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Northfork

Northfork

Directed by Michael Polish. Starring James Woods, Nick Nolte, Claire Forlani, Duel Farnes, Mark Polish, Daryl Hannah, Robin Sachs, Ben Foster, Anthony Edwards, Graham Beckel, Josh Barker, Peter Coyote, Jon Gries, Kyle MacLachlan, Michele Hicks. (2003, PG-13, 103 min.)

REVIEWED By Marjorie Baumgarten, Fri., Aug. 8, 2003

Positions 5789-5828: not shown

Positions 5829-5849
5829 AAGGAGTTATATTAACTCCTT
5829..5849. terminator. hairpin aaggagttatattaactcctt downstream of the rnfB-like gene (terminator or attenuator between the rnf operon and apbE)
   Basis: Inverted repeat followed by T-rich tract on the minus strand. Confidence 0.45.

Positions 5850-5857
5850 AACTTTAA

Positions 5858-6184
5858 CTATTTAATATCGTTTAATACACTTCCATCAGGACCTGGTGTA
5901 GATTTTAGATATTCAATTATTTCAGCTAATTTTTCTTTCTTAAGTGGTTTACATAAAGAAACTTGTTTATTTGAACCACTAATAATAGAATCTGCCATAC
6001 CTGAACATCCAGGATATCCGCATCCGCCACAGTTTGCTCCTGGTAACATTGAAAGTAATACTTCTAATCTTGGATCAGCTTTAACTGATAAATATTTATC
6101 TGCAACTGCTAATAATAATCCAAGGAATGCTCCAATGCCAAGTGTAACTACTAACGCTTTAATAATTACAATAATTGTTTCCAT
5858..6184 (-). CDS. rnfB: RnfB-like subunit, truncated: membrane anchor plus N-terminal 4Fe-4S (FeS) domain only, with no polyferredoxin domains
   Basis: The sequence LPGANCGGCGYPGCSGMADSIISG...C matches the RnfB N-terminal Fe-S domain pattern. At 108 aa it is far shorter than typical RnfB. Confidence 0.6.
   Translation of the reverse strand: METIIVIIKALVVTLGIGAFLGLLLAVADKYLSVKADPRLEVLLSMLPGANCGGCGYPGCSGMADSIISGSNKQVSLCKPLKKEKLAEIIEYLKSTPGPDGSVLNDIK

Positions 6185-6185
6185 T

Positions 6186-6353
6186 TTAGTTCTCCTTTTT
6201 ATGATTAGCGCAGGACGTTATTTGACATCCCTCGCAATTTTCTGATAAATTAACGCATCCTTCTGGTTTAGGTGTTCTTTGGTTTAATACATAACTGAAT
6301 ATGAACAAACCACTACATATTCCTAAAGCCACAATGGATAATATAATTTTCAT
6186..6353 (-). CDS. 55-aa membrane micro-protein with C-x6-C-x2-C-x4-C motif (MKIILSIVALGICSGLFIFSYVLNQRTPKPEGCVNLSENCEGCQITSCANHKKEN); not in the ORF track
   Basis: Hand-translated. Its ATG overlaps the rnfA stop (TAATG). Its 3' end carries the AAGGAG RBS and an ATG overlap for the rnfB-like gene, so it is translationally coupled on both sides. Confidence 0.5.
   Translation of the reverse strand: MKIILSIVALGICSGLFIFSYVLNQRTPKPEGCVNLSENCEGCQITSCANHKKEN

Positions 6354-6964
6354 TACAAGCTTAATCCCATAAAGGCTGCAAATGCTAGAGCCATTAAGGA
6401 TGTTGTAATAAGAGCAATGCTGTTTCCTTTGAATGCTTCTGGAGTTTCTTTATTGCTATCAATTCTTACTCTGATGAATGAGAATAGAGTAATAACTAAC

Northfork, Mont.: 1955. This sleepy hamlet in Big Sky Country is about to be flooded over to become a Big Muddy. The new electrodynamics dam that has just been completed will unleash its waters and submerge the entire town of Northfork underneath a big lake. Homes, businesses, graveyards – all will become "the catch of the day" for future generations, as descriptively put by one of the characters. During the movie’s opening, we even witness several caskets bobbing to the water’s surface. A sad gloom hangs over what remains of Northfork and its last remaining inhabitants, whose reluctant departures are not unlike those of rats on a sinking ship. Father Hanlan (Nolte, in long preacher garb) ministers to the last few souls left in town, but by the time the movie begins, his only real charge is the sickly Irwin (Farnes) whose adoptive parents return him to Father Hanlan’s orphanage before riding out of town. "You gave us a sick child," the parents say, to which Hanlan retorts, "I gave you an angel." Indeed, angels have a lot to do with the story of Northfork, but not in any way you can precisely pin down. The movie is heavy on mood and atmosphere, like an elegy for something lost. As such, the film’s pace moves slowly – too slowly for some viewers’ tastes, but those who reject Northfork are mistaken if they see only a dirge instead of a movie. Northfork is funny and alive and visually delightful. It belongs to whatever category of films it is that includes such atmospheric beauties as Days of Heaven and Wings of Desire. Several storylines intertwine throughout the movie like repeating melodies. Perhaps as the result of a fever dream, young Irwin sees a clan of roving angels, who’ve taken up residence in Northfork on a quest to find the Unknown Angel. An odd group, they comprise the snarky Cup of Tea (Sachs), androgynous Flower Hercules (Hannah), silent Cod (Foster), and the near-blind art appraiser Happy (Edwards). Both Cup of Tea and Flower dress in Elizabethan-era clothes, Cod in cosmic cowboy-style attire, and Happy wears strange spectacles with many interchangeable lenses and switches between sets of false hands made of wood and porcelain. Meanwhile, representatives of the town’s Evacuation Committee are sent out in pairs to vacate the last few stubborn townsfolk who refuse to leave. The pair who visit the house of angels is Walter O’Brien (Woods) and his son Willis (Mark Polish). We see much of the story through their eyes. Twin brothers Mark and Michael Polish co-scipted Northfork, and Michael directs while Mark acts. This third feature of theirs belongs of a piece with their other odd but peculiarly affecting films, Jackpot and Twin Falls Idaho. Also keeping things on track is their regular cameraman M. David Mullen, who blanches the color from Northfork and makes it look like a relic from the Fifties. That leaves us, the viewers, to be the witnesses of what was, and what might have been, before the man-made tide of water washes it all away from the face of the Earth. Northfork is a movie that gets under your skin with its graceful edits and poetic elisions, lovely performances, and faded imagery. It’s a story about the American heartland, and a mature work by the Polish brothers, whose films deftly manage to coax the human universals from their distinctly idiosyncratic tales. The town’s road signs may all be gone, but the marquees should all read, "Turn here for Northfork." (The Polish brothers and Daryl Hannah will be present for a Q&A following the 7:10pm screening of the film on Tuesday, Aug. 12.)

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